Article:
In our last entry, we started to cover some of the differences between a will and a trust. We talked about the flexibility and importance of a will as well as the potential problems that the probate process can lead to. In today’s blog, the discussion turns to trusts: what they are, how they work, and how to tell if a trust might be the right choice for you.
If you need to establish a trust or have a will drawn up, please call us at Safe Harbor Wills and Trusts in Watertown. We’ve dedicated our practice to providing our clients with the best possible asset protection and legal advice so that the money you’ve earned stays with you or with your family. We can also help you if an elderly member of your family has a legal emergency that requires you to act fast in order to protect their estate.
What is a Trust?
A trust is a legal document that specifies what is to be done with any property that is fed into the trust. The assets that are fed into the trust are no longer the property of the person who placed them into the trust, and instead are now the property of the trust itself. Because these assets are no longer owned by a single person, the person who put them in now has a reduced tax liability. A trust then provides for the beneficiaries of the trust as is spelled out in the trust agreement. Unlike a will, a trust can start providing for its beneficiaries before the person who funded the trust has died.
What are the Advantages of a Trust?
We mentioned one reason trusts are advantageous compared to a will in the paragraph above (they can go into effect before anyone has passed away) but there are several other distinct advantages that a trust has over a will.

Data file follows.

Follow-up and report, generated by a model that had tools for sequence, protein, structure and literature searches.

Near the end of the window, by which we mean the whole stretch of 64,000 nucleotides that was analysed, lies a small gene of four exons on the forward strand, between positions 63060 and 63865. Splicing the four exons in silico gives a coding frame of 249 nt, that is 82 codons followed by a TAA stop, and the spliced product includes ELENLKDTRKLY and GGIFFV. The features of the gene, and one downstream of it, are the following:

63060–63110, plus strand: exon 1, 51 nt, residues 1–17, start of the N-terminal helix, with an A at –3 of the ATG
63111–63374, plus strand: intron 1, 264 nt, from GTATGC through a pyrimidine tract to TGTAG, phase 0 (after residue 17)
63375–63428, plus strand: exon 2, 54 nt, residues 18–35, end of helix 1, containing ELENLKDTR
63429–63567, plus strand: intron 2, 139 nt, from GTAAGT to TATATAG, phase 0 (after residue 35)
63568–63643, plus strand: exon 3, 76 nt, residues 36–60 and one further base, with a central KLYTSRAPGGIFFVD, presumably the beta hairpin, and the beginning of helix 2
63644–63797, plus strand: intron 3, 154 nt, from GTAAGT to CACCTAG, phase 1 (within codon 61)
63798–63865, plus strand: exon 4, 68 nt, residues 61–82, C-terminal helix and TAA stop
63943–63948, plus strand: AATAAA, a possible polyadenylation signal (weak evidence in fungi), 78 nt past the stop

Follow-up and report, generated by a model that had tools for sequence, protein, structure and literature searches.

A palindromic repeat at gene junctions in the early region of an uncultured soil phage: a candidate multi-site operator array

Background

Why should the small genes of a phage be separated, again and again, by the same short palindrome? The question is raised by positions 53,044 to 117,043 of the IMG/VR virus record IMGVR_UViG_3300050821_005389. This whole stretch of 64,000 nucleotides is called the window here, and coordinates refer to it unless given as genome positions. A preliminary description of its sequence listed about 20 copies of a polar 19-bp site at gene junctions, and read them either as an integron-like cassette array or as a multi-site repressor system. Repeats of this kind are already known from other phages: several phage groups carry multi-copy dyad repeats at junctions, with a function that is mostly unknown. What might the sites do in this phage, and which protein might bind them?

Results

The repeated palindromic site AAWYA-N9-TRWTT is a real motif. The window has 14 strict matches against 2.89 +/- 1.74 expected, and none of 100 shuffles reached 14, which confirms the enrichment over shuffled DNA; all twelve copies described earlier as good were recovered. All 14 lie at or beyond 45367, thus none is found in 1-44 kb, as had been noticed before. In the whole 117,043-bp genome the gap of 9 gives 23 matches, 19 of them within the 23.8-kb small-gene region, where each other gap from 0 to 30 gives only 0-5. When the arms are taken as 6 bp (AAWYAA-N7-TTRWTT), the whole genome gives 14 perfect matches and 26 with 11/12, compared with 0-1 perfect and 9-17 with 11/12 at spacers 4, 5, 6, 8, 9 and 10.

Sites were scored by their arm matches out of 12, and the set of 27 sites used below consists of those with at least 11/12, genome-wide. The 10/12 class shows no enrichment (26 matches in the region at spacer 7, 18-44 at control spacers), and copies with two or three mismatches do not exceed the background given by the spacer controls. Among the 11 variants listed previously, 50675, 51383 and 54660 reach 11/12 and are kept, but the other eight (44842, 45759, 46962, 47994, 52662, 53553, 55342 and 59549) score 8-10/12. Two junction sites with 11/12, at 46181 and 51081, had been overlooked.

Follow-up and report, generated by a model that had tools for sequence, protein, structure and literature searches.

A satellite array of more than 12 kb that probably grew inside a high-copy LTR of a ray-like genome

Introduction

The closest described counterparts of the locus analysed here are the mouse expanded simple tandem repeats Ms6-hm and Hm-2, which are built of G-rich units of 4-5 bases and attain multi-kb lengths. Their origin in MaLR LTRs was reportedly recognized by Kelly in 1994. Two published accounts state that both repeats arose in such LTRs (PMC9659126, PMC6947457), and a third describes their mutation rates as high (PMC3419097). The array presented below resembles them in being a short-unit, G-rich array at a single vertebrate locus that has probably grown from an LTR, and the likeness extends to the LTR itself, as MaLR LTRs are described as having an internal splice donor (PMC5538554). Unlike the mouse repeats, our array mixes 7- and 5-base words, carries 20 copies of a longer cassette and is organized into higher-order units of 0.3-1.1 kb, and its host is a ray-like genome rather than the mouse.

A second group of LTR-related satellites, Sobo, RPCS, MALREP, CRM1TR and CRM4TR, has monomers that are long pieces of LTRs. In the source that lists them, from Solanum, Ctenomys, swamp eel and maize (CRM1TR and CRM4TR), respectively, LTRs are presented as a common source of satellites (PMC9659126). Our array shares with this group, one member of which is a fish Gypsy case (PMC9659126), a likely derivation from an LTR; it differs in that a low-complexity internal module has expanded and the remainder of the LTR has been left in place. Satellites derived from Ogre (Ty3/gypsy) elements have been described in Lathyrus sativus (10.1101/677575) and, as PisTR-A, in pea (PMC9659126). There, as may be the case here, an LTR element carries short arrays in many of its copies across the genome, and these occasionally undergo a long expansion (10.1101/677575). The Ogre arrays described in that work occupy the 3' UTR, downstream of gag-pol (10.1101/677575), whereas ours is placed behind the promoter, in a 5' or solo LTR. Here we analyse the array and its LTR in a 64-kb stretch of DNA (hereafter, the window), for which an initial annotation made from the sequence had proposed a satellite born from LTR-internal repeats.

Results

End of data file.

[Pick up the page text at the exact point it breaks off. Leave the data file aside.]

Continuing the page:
First, depending on the type of trust you have, there are some tax advantages to having your assets moved into a trust. By reducing your worth, you will owe less to the government because you have fewer assets that they can tax.
Second, a trust, depending on how it was set up, might make it so that your heirs don’t have to watch as the trust is emptied to nothing to pay for your nursing home and hospital bills if it was not set up to provide elderly or medical care. Safe Harbor Wills and Trusts can help you set up a trust that protects what you’ve earned from creditors, nursing homes, and even Medicaid.
There are many different kinds of trusts available to you and each one has their own specific legal and monetary advantages and disadvantages. In our next blog, we’ll cover some of the different types of trusts, including revocable and irrevocable trusts, as well as under which circumstances each type is most beneficial.
Contact Safe Harbor Wills and Trusts today if you want to start taking your financial planning seriously. We can help you determine what is the best plan for your money and then make sure you are protected.